There is also the Global Prayer Digest which you can purchase via subscription for $12/year. If you cannot subscribe they also publish the prayers online each day. GPD focuses on people groups in the 10/40 window. The focus for November is South Asia. http://www.global-prayer-digest.org/

If you’d like to get your group interested in people groups, please download this 20-minute activity that a friend and I developed for our Perspectives classes. Though it was specifically created to help our adult students overcome the inhibition of doing a research paper as part of the course syllabus, I find that it’s also a great way to promote awareness and prayer in any venue. http://www.box.net/PerspectivesPeopleGroups

I pray that God will expose you to new ways to pray for the nations of the 10/40 window. I encourage you to create cell groups in your church or school which will commit time each week to focus on nations and people groups in the 10/40 window. On that note, I am working on creating a curriculum of sorts to help people initialize prayer groups for the unreached, and will load it here when complete.

Grace, peace and thanksgiving to you and your household. May you be blessed as you walk obediently with our Lord Jesus Christ.


Responsibility of Joy

I have become less enamored with church. We are part of a small, home church community, and even that has been less than satisfactory. What I’ve come to realize is that nothing is perfect this side of Heaven. And by perfect I mean complete. The church itself is a walk of sanctification. As a body moves when the joints and members move with it, it can also be hindered when the joints and members are hindered. Interestingly, as we physically age, our joints and members cooperate less if we fail to exercise and eat well. Hence, the church. Unforeseen problems occur. Frustration ensues. People don’t cooperate. We begin to see that Advil temporarily cures the body’s ailment just as a powerful Bible study or a featured speaker cures the church. Yet this is the place where my faith has increased ten-fold; where God has exposed Truth in such a profound and uncanny way that one cannot deny the existence of the Spirit among the brethren.

So my admiration moves out of the church as an institution, to church as a living movement of the Holy Trinity working in accordance with the Believers for the cause of God’s everlasting kingdom.

I no longer walk away saying, “Wow, Pastor Edward had a great message today,” I now walk away saying, “Wow, God’s Word is alive and working in my life and the lives of my brothers and sisters.” I now admire, cherish and expose the work of the Holy Spirit among us. Becoming less-enamored with institutionalized church is a higher call of the mature Believer as long as we reposition our admiration on God and His work in the body of believers we call church.

But that can sometimes be tricky. People are part of the church, and I find that agape and phileo love is increasingly difficult. When Holy Truth is exposed it comes with itself a particular level of responsibility. I call it the responsibility of joy: and that is love. What’s not to love about our church members? Ah, when they challenge our teachings; when they don’t respect our work; when they question God; when they refuse to think outside the box; when they exchange the magnificent for the trivial, and so on. And then I realize it’s ME with the problem. I blindly enter into these relationships with a certain level of expectation, and when my expectations aren’t met, I grow increasingly weary of the individual. Foolishness sets in and my heart is hardened; no love can penetrate; the humbleness of the Holy Spirit is my only cure. Time begs a response. I have a choice to ignore or–-once again-–be sanctified by Truth. Hebrews 12:4-6 is a bitter but hopeful reminder.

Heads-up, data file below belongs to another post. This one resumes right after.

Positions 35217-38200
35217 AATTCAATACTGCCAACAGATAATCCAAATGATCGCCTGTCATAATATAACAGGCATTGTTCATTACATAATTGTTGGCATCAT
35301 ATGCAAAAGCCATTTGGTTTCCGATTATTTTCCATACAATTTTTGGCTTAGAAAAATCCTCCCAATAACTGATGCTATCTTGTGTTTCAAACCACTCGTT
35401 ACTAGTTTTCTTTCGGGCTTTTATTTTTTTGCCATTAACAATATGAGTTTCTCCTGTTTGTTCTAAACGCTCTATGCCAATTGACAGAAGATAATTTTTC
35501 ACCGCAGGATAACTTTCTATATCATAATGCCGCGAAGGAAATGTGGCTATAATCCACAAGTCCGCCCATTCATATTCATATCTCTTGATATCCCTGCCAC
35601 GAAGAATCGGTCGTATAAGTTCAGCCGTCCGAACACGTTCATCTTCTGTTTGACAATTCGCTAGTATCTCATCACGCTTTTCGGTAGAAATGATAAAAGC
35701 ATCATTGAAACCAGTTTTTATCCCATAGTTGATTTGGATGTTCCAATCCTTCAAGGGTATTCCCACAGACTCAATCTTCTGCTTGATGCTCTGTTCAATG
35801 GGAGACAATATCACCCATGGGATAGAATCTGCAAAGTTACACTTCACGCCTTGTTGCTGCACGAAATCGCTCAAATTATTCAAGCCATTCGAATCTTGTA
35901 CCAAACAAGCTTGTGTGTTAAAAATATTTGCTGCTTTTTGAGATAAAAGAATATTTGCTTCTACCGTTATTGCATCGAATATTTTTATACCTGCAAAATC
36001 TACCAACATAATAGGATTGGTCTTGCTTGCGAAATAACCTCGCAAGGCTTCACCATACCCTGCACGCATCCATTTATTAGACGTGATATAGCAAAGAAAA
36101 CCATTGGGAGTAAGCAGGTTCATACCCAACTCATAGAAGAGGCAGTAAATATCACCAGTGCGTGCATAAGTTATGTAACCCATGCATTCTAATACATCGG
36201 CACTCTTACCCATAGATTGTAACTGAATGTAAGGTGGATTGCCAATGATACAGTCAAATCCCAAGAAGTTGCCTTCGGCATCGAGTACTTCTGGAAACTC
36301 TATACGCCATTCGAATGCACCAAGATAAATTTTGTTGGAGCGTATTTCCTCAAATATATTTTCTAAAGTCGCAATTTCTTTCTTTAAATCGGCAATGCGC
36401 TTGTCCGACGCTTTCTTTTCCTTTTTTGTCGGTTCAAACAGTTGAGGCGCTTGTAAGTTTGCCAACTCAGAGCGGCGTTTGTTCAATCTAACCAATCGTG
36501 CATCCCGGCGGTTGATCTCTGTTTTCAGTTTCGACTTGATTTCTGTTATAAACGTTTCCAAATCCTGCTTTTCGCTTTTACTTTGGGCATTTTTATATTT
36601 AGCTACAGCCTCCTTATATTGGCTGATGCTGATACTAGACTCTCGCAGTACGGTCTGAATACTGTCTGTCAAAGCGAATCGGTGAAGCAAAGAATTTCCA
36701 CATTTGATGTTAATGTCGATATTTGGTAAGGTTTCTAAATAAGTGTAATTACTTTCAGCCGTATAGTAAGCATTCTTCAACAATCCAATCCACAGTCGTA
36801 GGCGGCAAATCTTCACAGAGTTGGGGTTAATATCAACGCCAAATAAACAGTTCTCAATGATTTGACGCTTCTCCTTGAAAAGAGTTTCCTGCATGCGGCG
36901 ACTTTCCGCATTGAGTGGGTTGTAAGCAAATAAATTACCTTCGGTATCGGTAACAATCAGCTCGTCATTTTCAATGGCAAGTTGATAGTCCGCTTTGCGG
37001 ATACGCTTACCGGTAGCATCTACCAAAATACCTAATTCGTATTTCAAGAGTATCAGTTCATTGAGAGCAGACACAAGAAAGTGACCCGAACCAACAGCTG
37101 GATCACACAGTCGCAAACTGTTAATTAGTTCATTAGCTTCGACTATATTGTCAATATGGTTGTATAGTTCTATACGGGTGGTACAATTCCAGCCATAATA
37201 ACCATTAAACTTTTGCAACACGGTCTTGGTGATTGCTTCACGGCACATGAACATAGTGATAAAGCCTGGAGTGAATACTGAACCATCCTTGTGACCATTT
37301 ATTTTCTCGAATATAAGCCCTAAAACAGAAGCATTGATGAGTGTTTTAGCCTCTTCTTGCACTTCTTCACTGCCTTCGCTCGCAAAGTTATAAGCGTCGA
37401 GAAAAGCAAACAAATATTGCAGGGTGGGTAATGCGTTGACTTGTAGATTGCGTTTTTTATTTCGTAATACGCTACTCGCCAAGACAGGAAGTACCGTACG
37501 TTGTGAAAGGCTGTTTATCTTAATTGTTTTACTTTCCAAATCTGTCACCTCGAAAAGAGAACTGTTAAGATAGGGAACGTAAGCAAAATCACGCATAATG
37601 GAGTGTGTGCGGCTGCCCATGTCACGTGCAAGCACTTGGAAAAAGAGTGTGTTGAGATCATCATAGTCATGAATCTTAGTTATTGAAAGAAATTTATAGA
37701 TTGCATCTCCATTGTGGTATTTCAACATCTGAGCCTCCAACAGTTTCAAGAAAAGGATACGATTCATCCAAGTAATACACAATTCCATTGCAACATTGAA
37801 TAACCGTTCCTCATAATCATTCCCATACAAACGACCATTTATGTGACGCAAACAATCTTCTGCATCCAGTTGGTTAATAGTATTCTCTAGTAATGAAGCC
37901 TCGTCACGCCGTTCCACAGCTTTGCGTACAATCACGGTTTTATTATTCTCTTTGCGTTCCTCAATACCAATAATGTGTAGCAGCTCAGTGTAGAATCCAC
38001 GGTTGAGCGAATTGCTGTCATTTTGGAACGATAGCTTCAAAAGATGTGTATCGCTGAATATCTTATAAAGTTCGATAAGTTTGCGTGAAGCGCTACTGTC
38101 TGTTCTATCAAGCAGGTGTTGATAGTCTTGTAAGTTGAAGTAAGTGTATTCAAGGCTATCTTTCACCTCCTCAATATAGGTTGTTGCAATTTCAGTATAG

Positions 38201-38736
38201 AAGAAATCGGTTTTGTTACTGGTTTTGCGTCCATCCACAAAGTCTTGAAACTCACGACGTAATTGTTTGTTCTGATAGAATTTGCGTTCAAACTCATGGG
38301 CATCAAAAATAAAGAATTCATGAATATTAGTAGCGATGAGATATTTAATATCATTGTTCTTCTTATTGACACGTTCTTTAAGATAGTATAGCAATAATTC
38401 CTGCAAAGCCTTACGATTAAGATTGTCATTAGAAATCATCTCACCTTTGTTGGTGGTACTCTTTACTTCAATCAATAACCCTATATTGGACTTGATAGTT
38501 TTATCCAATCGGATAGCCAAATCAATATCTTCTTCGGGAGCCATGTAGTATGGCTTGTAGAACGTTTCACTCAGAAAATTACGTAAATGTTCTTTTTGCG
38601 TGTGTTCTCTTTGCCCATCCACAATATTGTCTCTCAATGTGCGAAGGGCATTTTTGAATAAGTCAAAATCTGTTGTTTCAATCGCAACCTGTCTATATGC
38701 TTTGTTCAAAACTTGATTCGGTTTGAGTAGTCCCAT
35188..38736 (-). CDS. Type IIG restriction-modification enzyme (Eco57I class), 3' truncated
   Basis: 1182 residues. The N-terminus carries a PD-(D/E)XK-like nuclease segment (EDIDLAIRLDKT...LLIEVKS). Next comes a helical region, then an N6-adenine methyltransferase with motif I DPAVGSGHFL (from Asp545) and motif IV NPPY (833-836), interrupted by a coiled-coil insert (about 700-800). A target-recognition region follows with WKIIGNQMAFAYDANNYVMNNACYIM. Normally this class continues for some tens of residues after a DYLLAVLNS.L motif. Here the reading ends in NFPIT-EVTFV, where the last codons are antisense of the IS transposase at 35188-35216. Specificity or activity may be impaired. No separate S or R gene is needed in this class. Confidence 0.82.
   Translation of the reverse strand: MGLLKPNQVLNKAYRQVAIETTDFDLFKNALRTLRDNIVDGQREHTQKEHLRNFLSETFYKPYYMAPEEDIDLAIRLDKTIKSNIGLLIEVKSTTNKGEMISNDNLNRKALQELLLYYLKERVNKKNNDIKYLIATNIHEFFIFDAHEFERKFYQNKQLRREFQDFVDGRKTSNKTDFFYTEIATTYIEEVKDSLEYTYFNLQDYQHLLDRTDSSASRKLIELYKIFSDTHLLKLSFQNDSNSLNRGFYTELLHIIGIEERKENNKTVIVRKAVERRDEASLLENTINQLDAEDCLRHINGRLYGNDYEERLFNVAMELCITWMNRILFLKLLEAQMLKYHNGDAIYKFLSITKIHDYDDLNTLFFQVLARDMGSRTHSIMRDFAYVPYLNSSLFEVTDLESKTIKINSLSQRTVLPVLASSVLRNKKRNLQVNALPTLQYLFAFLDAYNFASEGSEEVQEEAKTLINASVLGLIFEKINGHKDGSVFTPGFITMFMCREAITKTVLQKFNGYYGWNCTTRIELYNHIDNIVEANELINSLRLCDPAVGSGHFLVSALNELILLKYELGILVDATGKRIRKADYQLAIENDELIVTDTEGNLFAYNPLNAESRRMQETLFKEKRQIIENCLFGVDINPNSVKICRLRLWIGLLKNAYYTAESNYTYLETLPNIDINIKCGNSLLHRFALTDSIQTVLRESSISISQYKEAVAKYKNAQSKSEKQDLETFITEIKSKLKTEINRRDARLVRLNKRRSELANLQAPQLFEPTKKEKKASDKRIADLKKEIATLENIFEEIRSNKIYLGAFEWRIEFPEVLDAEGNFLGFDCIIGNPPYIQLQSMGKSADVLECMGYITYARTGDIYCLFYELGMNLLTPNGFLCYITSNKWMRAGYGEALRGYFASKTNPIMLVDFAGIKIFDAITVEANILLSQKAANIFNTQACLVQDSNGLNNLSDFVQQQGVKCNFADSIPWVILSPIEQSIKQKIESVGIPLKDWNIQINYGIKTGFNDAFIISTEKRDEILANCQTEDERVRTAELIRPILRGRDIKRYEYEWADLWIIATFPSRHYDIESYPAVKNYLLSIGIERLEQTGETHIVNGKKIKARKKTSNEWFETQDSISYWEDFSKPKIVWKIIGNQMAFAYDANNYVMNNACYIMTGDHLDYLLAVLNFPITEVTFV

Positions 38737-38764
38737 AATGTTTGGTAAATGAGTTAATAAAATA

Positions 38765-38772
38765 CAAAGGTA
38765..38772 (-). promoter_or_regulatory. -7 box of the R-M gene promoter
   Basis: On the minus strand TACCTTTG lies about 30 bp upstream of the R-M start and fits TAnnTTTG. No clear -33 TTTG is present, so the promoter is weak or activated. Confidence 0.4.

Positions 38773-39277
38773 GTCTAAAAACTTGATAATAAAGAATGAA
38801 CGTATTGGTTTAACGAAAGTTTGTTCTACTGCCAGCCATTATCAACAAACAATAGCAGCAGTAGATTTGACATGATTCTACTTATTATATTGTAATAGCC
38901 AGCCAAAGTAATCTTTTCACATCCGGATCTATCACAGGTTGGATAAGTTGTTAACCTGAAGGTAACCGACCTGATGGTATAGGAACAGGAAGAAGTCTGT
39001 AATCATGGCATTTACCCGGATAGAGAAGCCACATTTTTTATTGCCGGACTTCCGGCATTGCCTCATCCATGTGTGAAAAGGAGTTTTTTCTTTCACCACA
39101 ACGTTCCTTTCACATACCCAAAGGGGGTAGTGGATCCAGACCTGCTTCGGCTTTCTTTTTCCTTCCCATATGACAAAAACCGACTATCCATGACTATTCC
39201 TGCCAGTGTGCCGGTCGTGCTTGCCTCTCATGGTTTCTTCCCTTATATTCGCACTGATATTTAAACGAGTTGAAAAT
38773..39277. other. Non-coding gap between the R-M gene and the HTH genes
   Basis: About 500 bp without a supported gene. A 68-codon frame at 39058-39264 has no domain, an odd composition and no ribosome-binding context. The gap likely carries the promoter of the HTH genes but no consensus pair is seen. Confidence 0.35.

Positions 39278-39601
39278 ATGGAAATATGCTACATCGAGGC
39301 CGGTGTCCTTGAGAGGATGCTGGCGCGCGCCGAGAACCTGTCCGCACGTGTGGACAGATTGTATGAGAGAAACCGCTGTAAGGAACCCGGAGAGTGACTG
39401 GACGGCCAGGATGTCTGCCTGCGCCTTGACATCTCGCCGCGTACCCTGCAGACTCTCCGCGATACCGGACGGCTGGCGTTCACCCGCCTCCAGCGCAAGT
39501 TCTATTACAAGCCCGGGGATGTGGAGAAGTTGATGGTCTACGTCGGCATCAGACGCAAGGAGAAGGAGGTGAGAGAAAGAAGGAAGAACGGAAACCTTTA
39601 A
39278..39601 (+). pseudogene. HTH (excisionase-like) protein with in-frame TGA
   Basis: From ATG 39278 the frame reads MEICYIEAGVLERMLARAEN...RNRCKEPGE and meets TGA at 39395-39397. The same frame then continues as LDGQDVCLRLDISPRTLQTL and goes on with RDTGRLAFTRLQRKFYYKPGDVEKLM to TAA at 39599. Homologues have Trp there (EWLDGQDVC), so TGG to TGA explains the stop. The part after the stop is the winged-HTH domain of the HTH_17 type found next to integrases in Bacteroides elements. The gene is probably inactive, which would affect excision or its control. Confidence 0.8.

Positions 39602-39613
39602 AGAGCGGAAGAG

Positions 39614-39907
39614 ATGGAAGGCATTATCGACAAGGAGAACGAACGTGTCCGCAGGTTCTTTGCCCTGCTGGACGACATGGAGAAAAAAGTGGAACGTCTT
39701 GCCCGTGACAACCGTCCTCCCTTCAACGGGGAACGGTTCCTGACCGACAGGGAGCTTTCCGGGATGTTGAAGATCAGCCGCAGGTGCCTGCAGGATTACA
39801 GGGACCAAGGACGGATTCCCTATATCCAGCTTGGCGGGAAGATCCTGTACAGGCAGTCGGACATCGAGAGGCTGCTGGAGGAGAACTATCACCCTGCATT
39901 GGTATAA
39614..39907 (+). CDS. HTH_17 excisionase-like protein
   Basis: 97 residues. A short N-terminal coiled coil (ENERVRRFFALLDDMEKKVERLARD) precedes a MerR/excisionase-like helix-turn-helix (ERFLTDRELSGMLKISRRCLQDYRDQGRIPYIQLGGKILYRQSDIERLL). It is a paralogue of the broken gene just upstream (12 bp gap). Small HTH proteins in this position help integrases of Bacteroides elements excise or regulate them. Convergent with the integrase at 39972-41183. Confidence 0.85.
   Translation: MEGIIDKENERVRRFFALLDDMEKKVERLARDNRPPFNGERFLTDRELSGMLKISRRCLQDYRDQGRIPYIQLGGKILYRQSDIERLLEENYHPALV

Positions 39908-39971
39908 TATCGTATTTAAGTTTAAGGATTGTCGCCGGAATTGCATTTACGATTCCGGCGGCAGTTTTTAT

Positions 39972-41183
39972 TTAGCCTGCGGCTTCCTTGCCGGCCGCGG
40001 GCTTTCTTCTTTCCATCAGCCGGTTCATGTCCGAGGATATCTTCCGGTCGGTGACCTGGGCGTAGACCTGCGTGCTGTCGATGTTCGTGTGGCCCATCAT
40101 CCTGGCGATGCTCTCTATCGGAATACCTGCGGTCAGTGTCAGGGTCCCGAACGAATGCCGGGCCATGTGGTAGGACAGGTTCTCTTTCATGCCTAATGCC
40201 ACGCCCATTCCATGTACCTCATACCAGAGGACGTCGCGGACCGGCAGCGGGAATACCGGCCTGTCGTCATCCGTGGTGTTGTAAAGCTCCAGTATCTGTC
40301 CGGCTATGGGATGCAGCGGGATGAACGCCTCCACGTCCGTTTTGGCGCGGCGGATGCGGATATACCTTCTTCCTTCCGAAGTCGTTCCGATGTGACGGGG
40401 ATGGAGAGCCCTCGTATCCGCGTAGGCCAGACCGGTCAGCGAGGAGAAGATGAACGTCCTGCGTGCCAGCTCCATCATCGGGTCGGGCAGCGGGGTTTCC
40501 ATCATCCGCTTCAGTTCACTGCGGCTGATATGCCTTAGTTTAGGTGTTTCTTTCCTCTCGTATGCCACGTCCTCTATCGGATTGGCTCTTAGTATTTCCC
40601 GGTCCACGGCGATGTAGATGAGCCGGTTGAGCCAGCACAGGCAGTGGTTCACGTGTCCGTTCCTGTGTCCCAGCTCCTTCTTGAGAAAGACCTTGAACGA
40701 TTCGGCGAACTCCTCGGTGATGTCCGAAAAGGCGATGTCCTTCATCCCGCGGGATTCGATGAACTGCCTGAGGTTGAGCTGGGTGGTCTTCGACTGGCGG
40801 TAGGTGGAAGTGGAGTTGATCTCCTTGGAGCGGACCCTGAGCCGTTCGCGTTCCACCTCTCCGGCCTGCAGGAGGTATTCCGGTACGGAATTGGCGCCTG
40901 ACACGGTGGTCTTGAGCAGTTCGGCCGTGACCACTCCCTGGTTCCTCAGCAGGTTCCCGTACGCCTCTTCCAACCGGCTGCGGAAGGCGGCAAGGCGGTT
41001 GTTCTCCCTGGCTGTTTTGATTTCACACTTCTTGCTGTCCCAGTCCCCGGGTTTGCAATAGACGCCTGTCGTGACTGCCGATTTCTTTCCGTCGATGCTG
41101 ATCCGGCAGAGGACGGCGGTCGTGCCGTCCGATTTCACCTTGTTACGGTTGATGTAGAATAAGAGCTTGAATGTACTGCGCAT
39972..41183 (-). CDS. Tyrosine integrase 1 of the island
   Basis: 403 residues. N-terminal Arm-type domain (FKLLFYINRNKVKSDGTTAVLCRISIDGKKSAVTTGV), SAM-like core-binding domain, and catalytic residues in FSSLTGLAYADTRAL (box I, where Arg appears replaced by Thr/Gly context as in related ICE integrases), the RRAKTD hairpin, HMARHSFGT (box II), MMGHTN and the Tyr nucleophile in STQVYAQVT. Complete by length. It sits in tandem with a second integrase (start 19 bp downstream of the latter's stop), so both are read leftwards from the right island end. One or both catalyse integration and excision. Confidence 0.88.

Of these things I find that intimacy with Christ and living missionally is the cure–-at least for me. And that means I must intentionally spend time getting to know my Savior through His walk, His teachings, His expectations and His commands. Then I must share this Truth with others with no worldly expectation. As a matter of fact, my only expectation in sharing Truth is persecution–for we are truly savages in our core. In serving, evangelizing or teaching, I nearly expect a savage response! Anything above that is God’s full and complete Glory. None of it belongs to me. And sanctification has its fulfillment in God’s glory when we not only recognize that truth, but live for it.

Joy has its rewards, but it also carries with it a higher level of responsibility than we might ordinarily be comfortable with. Sadly, most people would rather settle for a complicated and shallow life of worldly happiness.

Father, may I be your servant who is enamored by you alone, understands the responsibility of joy and willingly shares these precious Truths with the brethren and savages alike.  Save me from my worldly desires which ultimately rob me of joy.  My dear Heavenly Father, draw me closer still.


Faith Without Works

hand reachingWhat use is it, my brethren, if a man says he has faith but he has no works? Can that faith save him? If a brother or sister is poorly clothed and lacking in daily food, and one of you says to them, “Go in peace, be warmed and filled,” without giving them the things needed for the body, what good is that? So also faith by itself, if it does not have works, is dead. – James 2:14-17

In these verses James shares with us an important element of our faith. The outward result of our faith is works (e.g. missions). In his book, Victorious Living, E. Stanely Jones writes: “But a man may have an intellectual belief in everything in the creed of the churches and not have faith. Faith is an adventure of the spirit, a going out of the whole inner life in response to something we believe to be supremely worthwhile.”

Is this a challenge to us today? Are we being called to literally exercise our faith with good works? And what is the result of we don’t? Jesus gives us a warning in Revelation 3:16: “So because you are lukewarm, and neither hot nor cold, I will spit you out of My mouth.” And James poses a rhetorical but chilling question, “Can that faith save him?” -James 2:14